that after asking the right questions, which you've definitely done
here, the answers will more or less spontaneously occur to you after a
bit of "unconscious" thinking about the problems.
* * * * * * * * * * * * * * * *
Q1. Verify (in Part II) that g is a measurable function (resp. h measurable).
What I said about this previously is that the inverse image under g of
subset (a,?) is either:
i) the same as the inverse image under f when a > 0, OR
ii) all of X when a ? 0.
The point is that every subset of R the form { y > a } has a
measurable inverse image under g, and this is sufficient to show that
g is a measurable function.
Now by the definition g is a measurable function iff the inverse image
of every measurable subset of R is a measurable subset of X. However
taking complements and countable unions in the ?algebra on X allows
one to deduce this from just the facts that each "basis" inverse image
{ x  g(x) > a} is measurable.
Since you advised me you were familiar with the definition of
measurable function (and since in the realvalued case this is often
taken as the definition), I will leave it at that unless further
clarification is needed.
The situation for h is similar, in that the inverse image under h of
(a,?) is either:
i) the inverse image of (?,a) under f when a > 0, OR
ii) all of X when a ? 0.
Again either of these inverse images are measurable subsets of X.
For an illustration of defining measurable function using only these
restricted subsets, see the MathWorld entry on this topic:
[Measurable Function  from MathWorld]
http://mathworld.wolfram.com/MeasurableFunction.html
* * * * * * * * * * * * * * * *
Q2. For Part III:
a) Show that Re(f) and Im(f) are measurable.
b) Construct simple measurable function sequences {s_n} converging
pointwise to Re(f) and {t_n} converging pointwise to Im(f).
c) Prove the linear combinations {s_n + i*t_n} converge pointwise to:
f = Re(f) + i*Im(f).
Here's what I said previously about Re(f) being measurable, that the
inverse image of (a,?) under Re(f) is the inverse image of:
{ z in C  Re(z) in (a,?) }
under f, so that f measurable implies Re(f) measurable. In other
words I'm again simplifying the "test" for realvalued Re(f) to be
measurable to the criteria involving sets of the form (a,?). Since
the subset of C shown above is open (hence measurable in the sense of
belonging to the Borel ?algebra on C), its inverse image under f is a
measurable subset of X. That's enough (as we've just discussed in
connection with Part II) to show Re(f) is a measurable function.
The argument that Im(f), also a realvalued function, is measurable is
similar. In this case the inverse image of (a,?) under Im(f) is equal
to the inverse image of:
{ z in C  Im(z) in (a,?) }
under f, and again the openness of the above subset in C plus f being
measurable implies that the inverse image in X is measurable.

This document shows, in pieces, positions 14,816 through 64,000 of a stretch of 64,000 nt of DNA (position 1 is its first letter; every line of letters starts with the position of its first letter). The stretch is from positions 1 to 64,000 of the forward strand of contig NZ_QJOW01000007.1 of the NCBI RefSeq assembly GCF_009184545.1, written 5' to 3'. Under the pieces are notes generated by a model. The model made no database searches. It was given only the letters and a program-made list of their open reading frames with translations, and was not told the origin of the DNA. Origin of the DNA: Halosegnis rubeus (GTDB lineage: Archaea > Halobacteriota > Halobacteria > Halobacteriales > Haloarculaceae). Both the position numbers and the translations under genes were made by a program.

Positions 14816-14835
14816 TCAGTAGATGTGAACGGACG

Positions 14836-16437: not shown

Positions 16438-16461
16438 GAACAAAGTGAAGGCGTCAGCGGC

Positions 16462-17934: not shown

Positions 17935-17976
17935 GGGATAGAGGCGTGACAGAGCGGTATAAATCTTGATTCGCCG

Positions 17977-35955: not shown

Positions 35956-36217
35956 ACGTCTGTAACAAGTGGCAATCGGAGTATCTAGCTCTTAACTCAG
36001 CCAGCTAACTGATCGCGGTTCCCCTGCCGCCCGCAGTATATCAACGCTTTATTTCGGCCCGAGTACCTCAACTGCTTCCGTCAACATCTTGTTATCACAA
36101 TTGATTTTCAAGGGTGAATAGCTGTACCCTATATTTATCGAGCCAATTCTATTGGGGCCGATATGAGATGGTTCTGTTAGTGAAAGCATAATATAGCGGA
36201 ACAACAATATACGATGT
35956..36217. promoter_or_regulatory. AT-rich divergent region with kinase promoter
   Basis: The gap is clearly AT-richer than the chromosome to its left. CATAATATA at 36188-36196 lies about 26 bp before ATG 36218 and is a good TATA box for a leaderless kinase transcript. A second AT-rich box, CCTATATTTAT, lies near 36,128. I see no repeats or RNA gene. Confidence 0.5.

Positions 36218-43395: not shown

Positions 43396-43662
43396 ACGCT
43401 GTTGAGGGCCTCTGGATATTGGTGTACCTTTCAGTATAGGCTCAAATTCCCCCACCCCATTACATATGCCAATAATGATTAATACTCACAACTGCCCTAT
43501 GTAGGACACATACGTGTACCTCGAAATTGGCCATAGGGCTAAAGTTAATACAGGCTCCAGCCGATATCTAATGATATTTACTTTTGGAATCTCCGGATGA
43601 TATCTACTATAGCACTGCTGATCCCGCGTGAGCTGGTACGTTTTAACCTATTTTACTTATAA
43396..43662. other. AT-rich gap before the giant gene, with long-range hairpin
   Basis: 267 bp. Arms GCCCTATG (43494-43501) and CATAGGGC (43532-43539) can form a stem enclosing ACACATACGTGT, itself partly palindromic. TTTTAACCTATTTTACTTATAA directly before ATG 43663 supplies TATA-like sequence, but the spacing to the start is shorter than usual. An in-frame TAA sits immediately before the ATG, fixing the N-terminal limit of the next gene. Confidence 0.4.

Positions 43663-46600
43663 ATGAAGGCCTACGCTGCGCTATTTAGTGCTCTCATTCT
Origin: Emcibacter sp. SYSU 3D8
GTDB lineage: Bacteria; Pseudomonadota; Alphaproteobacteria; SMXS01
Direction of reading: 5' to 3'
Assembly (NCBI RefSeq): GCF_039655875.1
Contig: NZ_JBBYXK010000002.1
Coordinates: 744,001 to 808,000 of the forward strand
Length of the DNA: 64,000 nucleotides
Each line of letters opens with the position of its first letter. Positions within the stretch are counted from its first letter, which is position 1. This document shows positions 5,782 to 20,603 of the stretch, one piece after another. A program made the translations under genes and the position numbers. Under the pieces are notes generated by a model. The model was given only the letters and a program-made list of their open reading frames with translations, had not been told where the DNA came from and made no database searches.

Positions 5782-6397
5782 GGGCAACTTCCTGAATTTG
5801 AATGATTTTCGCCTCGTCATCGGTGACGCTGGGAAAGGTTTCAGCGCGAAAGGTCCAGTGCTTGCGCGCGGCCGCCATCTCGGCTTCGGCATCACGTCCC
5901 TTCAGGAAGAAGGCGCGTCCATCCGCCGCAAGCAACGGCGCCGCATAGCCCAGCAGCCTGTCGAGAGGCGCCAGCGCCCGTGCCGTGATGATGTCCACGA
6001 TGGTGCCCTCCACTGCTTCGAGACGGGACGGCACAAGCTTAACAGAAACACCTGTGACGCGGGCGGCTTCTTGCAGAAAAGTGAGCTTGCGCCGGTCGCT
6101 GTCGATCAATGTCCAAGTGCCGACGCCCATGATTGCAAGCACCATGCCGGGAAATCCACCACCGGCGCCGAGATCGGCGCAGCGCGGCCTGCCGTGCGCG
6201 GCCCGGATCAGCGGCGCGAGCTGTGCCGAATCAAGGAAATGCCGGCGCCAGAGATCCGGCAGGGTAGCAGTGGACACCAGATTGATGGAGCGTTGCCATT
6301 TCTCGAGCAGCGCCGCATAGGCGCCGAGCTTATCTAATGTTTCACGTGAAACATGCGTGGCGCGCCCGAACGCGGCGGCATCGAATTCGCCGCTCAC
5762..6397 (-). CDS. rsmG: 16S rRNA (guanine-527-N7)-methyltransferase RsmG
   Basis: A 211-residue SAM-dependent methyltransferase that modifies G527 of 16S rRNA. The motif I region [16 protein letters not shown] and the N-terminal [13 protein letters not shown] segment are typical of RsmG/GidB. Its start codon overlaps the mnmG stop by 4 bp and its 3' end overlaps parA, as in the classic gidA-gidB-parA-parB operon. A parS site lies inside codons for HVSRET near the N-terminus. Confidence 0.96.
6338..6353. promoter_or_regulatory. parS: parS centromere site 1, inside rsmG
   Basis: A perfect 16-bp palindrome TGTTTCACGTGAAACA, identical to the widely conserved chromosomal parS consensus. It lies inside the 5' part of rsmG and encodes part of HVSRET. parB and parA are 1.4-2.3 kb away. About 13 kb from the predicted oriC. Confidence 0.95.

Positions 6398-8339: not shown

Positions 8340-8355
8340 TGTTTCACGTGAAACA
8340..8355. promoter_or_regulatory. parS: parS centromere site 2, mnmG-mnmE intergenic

The construction of the sequences {s_n} and {t_n} converging pointwise
to Re(f) and Im(f) (respectively) is now a direct application of what
we showed in Part II (just as the sequences of simple measurable
functions in Part II were by an application of Part I). That is,
Re(f) and Im(f) have been shown to be realvalued measurable functions
on X, so by Part II there exists:
i) a sequence {s_n} of simple measurable functions that converges
pointwise to Re(f), and
ii) a sequence {t_n} of simple measurable functions that converges
pointwise to Im(f).
As I "hinted" in my original Answer, proving that the combined sequence:
{ s_n + i*t_n }
converges pointwise to f = Re(f) + i*Im(f) is an immediate consequence
of the triangle inequality.
First, though, note that because s_n and t_n are simple measurable
functions, so too is their linear combintation s_n + i*t_n a simple
measurable function (ie. a finite linear combination of characteristic
functions of measurable subsets of X).
To prove pointwise convergences, let x in X be fixed. Let any ? > 0 be
chosen. Choose integer M > 0 s.t. for all n ? M:
 Re(f(x))  s_n(x)  < ?/2
and integer N > 0 s.t. for all n ? N:
 Im(f(x))  t_n(x)  < ?/2
by virtue of the pointwise convergence of {s_n} to Re(f) and {t_n} to Im(f).
Then:
 f(x)  (s_n(x) + i*t_n(x)) 
=  (Re(f(x))  s_n(x)) + i*(Im(f(x))  t_n(x)) 
?  Re(f(x))  s_n(x)  +  Im(f(x))  t_n(x) 
< (?/2) + (?/2) = ?
where I've made use of the triangle inequality and i = 1.
* * * * * * * * * * * * * * * *
Hopefully this gives you enough details to be able to thoroughly
understand the proof that every complex measurable function can be
approximated by simple measurable functions, in the sense of pointwise
convergence. By careful handling of the monotone convergence
property, mentioned but not strictly required by your exercise, one
can show that integrals involving f are also limits of the
counterparts written in terms of the approximating simple measurable
functions. The difficulty here is that "monotonicity" only makes
sense in working with realvalues; the complex field is not ordered,
so to apply the Monotone Convergence Theorem, one must "break down"
the analysis to realvalued components.
Knowing this was one of the reasons I gave the treatment I did here,
to help you see the connection between the real and imaginary parts of
a measurable complex function with the measure/integration theory of
realvalued functions.
The essence of simple measurable functions is that they are
"constants" on some family of measurable subsets (of X).
One can "skip" directly to approximating measurable complex functions
with simple measurable functions by partitioning the complex plane
into "semiopen" rectangles:
{ z  Re(z) in [a,b) and Im(z) in [c,d) }
of small size (growing smaller as n tends to infinity). Although the
"proof" would be short, the "bookkeeping" of:
what points in x are mapped to what values a + ic in C
by the approximating functions s_n would be somewhat complicated. I
think the hierarchical approach here has the best chance of shedding
some light for you on the purpose of the constructions, as opposed to
just reaching the conclusion in the minimum numbers of steps.
regards, mathtalkga